Notes from a small island
A weblog by Jonathan Ali

Sunday, July 20, 2003  

No packing list, and no money. Who can take them?
But I want the gold tasselled chaise

I lounged on those nights of havoc
speaking with you at 36, Avenue Georges Mandel,

Maria Callas, about a heart's dryness,
a loss of verve; the deeps of talent, glamour

not plumbed. Wanting Onassis even when your strewn
scales were their own fleet. Voluptuous. Rough.

I want a recording of that horrible Medea.
I mean, Maria, your impractical love for Jason.

Cravings. Radha wandering with her love for Krishna.
A cowherding girl, penniless, electric!

Duvet cover, lamp, world: biography of Auden
thing was to love one's neighbor. . . . I strayed

to planes, trains, you, clothes; we aimed at a style.
Wasn't it a carapace for our fragile conversations?

I meant to call you, but I lost myself at the mall.
Friday at noon, the fine weekend, driving fast and not speaking.

Toothbrush, toothpaste, boarding pass, magazine,
and the handbag stuffed with maps.

Bruce, did I ever mail you my best greetings
from climates which hinted at something fine?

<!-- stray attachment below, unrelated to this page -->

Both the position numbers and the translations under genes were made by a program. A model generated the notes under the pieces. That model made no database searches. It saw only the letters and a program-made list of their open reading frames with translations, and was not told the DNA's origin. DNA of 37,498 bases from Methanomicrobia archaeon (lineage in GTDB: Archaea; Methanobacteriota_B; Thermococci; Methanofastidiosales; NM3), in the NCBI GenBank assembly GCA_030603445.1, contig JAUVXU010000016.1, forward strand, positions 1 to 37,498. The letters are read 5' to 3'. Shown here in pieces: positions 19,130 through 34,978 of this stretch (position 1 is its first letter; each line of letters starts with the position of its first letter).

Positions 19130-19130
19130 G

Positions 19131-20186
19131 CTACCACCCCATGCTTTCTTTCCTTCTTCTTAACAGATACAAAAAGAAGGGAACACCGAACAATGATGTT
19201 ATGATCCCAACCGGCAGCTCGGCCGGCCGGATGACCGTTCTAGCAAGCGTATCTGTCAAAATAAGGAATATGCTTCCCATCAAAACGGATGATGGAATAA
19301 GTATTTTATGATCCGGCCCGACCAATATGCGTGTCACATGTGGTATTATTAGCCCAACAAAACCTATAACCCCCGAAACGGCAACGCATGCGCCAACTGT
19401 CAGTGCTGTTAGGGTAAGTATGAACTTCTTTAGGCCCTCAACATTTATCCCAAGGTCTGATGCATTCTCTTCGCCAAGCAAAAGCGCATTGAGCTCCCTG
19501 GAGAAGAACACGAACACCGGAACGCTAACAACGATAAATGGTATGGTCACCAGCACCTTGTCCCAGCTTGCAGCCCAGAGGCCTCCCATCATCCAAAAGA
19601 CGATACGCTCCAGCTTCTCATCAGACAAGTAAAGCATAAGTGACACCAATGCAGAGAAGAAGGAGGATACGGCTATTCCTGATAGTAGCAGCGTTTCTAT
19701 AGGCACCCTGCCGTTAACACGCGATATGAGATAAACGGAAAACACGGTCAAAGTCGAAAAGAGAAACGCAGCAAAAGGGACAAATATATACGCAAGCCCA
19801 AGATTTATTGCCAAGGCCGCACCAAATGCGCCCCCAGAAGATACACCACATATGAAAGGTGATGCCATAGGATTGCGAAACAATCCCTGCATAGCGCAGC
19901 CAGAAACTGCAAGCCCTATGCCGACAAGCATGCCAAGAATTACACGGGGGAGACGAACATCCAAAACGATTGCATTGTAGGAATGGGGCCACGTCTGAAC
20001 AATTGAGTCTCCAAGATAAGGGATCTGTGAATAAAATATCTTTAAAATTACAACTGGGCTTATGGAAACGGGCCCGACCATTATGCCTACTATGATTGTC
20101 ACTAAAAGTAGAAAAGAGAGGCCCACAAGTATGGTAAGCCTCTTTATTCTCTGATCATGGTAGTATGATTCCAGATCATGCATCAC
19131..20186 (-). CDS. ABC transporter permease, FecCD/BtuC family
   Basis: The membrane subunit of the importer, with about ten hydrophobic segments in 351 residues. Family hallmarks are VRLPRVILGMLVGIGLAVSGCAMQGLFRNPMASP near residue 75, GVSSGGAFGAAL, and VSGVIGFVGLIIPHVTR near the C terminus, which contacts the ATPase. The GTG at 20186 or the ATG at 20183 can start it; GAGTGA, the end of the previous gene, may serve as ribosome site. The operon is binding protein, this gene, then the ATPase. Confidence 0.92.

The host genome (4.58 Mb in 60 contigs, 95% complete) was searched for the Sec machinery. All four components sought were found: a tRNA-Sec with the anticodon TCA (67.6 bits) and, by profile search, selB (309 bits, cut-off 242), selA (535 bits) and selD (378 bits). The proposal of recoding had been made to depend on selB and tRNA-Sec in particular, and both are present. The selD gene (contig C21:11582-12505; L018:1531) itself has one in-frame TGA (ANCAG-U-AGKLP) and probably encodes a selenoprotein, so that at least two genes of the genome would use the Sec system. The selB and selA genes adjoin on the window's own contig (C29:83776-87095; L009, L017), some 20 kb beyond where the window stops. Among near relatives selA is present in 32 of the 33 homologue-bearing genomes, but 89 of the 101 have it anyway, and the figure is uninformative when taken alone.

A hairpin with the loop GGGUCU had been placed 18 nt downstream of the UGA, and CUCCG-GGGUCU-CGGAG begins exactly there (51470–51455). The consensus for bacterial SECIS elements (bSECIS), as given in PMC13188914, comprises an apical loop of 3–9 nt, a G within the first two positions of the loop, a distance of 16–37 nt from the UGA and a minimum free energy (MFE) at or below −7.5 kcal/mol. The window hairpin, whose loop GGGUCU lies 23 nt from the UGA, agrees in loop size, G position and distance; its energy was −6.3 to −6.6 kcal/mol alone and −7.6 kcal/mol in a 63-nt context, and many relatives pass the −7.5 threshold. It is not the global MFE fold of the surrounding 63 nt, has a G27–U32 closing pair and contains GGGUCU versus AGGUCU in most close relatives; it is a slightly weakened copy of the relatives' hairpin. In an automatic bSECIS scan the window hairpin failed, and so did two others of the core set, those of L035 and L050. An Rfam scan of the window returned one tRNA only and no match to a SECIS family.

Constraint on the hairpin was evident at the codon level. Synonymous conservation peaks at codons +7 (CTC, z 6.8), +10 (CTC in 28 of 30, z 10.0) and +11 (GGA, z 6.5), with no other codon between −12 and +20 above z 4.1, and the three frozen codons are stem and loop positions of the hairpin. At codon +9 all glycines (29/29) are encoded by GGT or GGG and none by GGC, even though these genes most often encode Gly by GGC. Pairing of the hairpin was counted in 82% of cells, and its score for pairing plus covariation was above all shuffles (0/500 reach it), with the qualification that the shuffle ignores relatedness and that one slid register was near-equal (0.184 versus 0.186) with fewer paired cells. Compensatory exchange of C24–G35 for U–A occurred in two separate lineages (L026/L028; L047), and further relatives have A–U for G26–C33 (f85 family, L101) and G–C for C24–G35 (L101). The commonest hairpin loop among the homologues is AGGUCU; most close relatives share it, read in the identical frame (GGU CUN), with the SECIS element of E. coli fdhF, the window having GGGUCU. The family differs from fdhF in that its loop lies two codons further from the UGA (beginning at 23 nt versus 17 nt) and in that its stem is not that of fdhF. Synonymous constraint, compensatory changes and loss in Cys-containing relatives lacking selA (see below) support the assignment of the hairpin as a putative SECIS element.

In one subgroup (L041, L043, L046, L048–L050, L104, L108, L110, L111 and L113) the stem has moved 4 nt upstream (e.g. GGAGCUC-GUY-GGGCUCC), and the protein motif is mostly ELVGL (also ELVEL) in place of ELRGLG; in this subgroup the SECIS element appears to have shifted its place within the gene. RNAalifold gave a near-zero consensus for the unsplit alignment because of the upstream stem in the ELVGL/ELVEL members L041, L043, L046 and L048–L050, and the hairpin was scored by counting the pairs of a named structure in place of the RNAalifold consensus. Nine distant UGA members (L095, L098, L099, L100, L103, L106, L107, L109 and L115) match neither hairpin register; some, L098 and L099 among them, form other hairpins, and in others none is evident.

We wore cigarette leg pants in melon silks
at the dress store, took our breaks

in the stock room and talked about cosmetics,
made extravagant wishes to forgo

at these religious times but I'd like a lipstick
even now: bronze mica frost with a dark brown liner.

I'll bring you some Jean Rhys. And what shade of rouge! Which red lacquer?
Tia, from the shoe store, size two petite jacket,

you come too. And you, Anisa, always window shopping
your mind; so bring your steamer trunk

as if it's old days on the Cunard,
and made bold by our emigration we wave from the rail.

Late dinners at Brasa off the downtown mall
where we keep on eating mussels

and talking about the day, and did I say
I played it like a wild card?, each shell

wet on our fingers, tossed off as at the coast
where we go for the tide. Bye, sailor. See you Maria.

What's there to take with me? Maybe the beach,
collecting her wet skirts on my chaise. Hello

time and fine weather. Good morning
from passport checkpoint, the lighted coast.

- "Emigration" by the poet Reetika Vazirani, who passed away on July 18th. Vazirani, who was born in India in 1963 and migrated to the United States as a child, studied with and was influenced by Derek Walcott, among others. "Of all the places I have travelled," Vazirani wrote once, "I feel a special affinity for Trinidad."

posted by Jonathan | 10:59 AM 0 comments


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